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Ozone Reduction Strategies

Information provided for informational purposes onlyNote: EPA no longer updates this information, but it may be useful as a reference or resource.

The Clean Air Act provides the framework for national, state, tribal, and local efforts to protect air quality. Improvements in air quality are the result of effective implementation of clean air laws and regulations, as well as efficient industrial technologies. Under the Clean Air Act, EPA has a number of responsibilities, including:

  • Conducting periodic reviews of the National Ambient Air Quality Standards (NAAQS) for the six common pollutants that are considered harmful to public health and the environment.
  • Ensuring that these air quality standards are met (in cooperation with the state, tribal, and local governments) through national standards and strategies to control air pollutant emissions from vehicles, factories, and other sources.
  • Ensuring that sources of toxic air pollutants that may cause cancer and other adverse human health and environmental effects are well controlled and that the risks to public health and the environment are substantially reduced.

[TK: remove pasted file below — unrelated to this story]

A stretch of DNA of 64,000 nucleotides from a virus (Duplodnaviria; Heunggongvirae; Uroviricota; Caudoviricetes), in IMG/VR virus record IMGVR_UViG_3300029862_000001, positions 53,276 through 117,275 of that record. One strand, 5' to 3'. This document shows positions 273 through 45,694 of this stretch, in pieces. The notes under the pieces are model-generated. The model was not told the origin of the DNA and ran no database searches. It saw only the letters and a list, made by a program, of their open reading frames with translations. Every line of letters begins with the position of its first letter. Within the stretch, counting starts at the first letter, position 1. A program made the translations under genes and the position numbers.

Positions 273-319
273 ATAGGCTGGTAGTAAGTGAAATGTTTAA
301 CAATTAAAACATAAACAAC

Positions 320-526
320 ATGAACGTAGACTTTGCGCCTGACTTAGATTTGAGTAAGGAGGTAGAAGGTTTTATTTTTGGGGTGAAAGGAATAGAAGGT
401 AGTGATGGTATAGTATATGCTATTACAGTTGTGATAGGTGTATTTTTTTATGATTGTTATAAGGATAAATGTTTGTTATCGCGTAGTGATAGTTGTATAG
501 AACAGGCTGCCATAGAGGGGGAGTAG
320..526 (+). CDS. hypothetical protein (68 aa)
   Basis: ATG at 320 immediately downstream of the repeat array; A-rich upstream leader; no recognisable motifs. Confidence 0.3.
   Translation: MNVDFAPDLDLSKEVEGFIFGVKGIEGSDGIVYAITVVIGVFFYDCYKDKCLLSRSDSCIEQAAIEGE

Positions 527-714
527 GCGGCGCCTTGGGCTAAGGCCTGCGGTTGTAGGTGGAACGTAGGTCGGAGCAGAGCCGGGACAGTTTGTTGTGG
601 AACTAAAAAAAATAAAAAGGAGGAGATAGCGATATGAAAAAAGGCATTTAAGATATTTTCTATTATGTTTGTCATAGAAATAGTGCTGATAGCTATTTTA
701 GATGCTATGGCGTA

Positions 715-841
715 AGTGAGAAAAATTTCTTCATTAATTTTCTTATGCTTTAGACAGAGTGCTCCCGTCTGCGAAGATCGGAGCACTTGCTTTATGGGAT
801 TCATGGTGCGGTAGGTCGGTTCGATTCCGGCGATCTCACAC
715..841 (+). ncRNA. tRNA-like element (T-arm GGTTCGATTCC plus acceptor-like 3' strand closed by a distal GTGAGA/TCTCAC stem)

The Clean Air Act requires states with areas that fail to meet the NAAQS to submit state implementation plans (SIPs) to EPA. These plans must provide for implementation, maintenance, and enforcement of the primary and secondary NAAQS established by EPA under Title I of the Act.

State, local and tribal agencies could benefit greatly from employing innovative, voluntary actions along with required regulatory actions to meet their clean air goals.  Programs like "ozone action days" on which drivers and businesses voluntarily take actions to reduce their emissions that form ground-level ozone ‑‑ may be more cost-effective than the prescriptive measures required in nonattainment areas. Such actions may benefit air quality not only where they are taken, but also in downwind areas that may be affected by declining air quality. 

Innovative programs educate citizens about their role in contributing to air pollution and the role they can play in reducing it. By incorporating voluntary actions alongside regulatory actions a state may meet their ozone reduction attainment goals more quickly and with stronger community support.

Ozone Reductions Strategies provides you with links to partners who are already experiencing success with their voluntary ozone reduction programs. It will also lead you to the State Implementation Plan website which will take you step-by-step through the regulatory process.

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